Posted on Thu, Nov 20, 2014
How Pope Francis challenges Roman Catholics
— News that Pope Francis will visit the U.S. next year for the triennial World Meeting of Families brings elation to Catholics, excitement to pope watchers — and perhaps a little chagrin to some who too soon interpreted Francis' broad compassion as a precursor to doctrinal changes related to marriage.
Nothing could be further from the truth.
In recent comments in a variety of forums — from the bishops' synod last month to the international, interreligious Humanum colloquium recently in Rome — Francis has delivered a pastoral message that is consistent with the church's long-held beliefs on marriage.
What's different is his language. He has sought fresh ways to see and think about things. And though he's unyielding in his definition of family — a man and woman joined in marriage — he is open to finding ways to include more people in the church who may fall outside of that definition.
This doesn't mean acceptance of same-sex marriage, as some have led themselves to believe in the past year. The idea that the church was changing — radically — was based on a distortion of some of Francis' earlier, offhand remarks to a few reporters last year following World Youth Day. What he said was, "If they (gays) accept the Lord and have goodwill, who am I to judge them?"
We all heard it or read the remark, or at least the last part, because it became the buzz of social media and cable television. Was the pope saying he approves of same-sex marriage? One would have thought. He also said: "They shouldn't be marginalized. The tendency to homosexuality is not the problem. … They're our brothers."
Same-sex marriage, like abortion, may be one of those unresolvable conflicts between church and state. But Francis clearly has suggested that he wants to make pastoral changes without changing doctrine. This might mean offering communion to gays and divorcees, for example, who otherwise are excluded from the sacraments.
This is the current internal battle behind Vatican walls, sources tell me. But it is pastoral, not doctrinal.
For his part, Francis is focusing attention on the family crisis by using fresh language that frames things in a new way. In his comments to the colloquium, attended by religious leaders from various theologies and countries, the pope talked not of sin or judgment but rather of concern for what he characterizes as disruptions to the human ecology. His argument sounded more secular and scientific than religious, not that these are mutually exclusive.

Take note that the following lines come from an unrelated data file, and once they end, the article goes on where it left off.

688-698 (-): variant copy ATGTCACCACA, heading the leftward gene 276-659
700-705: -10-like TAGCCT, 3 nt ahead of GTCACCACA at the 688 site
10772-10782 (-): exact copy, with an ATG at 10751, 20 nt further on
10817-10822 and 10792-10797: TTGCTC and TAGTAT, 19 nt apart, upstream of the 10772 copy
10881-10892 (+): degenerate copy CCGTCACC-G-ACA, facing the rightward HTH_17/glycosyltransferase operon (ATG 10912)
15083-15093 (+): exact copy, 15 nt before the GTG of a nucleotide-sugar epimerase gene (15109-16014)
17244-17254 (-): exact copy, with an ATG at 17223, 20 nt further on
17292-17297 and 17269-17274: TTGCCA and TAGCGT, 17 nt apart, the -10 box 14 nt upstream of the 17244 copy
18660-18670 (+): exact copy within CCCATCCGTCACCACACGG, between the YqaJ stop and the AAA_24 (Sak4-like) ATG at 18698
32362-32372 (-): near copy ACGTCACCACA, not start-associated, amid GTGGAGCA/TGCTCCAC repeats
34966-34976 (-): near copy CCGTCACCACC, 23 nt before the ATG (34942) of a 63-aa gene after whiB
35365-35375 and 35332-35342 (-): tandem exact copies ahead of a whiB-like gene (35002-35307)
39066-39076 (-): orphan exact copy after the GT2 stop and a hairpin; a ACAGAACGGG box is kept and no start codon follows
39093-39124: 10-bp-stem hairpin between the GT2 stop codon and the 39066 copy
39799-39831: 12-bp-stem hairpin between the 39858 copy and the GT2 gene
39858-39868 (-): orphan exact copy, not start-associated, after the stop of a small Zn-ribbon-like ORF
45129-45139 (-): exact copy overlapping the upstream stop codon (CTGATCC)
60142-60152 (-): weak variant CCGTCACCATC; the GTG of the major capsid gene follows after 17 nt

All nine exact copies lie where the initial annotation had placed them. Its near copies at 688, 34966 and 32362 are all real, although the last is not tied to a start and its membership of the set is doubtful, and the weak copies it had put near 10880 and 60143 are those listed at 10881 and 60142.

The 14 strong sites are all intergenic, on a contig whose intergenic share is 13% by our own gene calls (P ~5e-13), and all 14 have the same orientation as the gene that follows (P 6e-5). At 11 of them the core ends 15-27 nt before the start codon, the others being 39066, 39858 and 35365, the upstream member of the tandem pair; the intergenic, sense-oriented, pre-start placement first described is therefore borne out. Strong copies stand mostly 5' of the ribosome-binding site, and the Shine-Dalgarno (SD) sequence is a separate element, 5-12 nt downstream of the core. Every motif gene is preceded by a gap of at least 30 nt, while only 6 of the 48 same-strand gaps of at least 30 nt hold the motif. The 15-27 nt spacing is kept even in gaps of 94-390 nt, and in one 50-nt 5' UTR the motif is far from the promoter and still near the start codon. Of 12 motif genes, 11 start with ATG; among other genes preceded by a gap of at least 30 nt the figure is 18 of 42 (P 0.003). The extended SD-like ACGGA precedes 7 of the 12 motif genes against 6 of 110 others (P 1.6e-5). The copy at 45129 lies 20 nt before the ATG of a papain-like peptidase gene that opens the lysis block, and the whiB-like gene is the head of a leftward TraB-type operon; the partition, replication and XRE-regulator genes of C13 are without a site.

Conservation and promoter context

"We now live in a culture of the temporary, in which more and more people are simply giving up on marriage as a public commitment," he said. "This revolution in manners and morals has often flown the flag of freedom, but in fact it has brought spiritual and material devastation to countless human beings, especially the poorest and most vulnerable."
The result, he said, has been to create an ecological crisis for social environments that need protection just as natural environments do.
"And although the human race has come to understand the need to address conditions that menace our natural environments, we have been slower to recognize that our fragile social environments are under threat as well. … It is therefore essential that we foster a new human ecology."
A new human ecology — what a concept.
Francis specifically appealed to young people to resist the "poisonous environment of the temporary." Asking the Insta-generation to avoid the temporary is like asking a hummingbird to hold still, but Francis understands the zeitgeist.
"Be revolutionaries with the courage to seek true and lasting love, going against the common pattern," he said.
Be revolutionaries. Be brave. Go against the grain. Pope Francis, like Jesus, is no peacemaker. He is a rabble-rouser — in a good way.
Indeed, marriage is a revolutionary act today. And it does require courage — along with humor, commitment and a hundred other things.
Thus, the young might wonder, why bother?
We bother, says Francis, because the family is our first school where we learn the arts of cooperative living and where "we can aspire to greatness as we strive to realize our full capacity for virtue and charity."
Profound and true. Yet, this definition offers nothing to preclude gays from seeking to marry for those very reasons. The pope — and our new human ecology — gives us much to ponder.
Washington Post Writers Group
Kathleen Parker is a Washington Post columnist.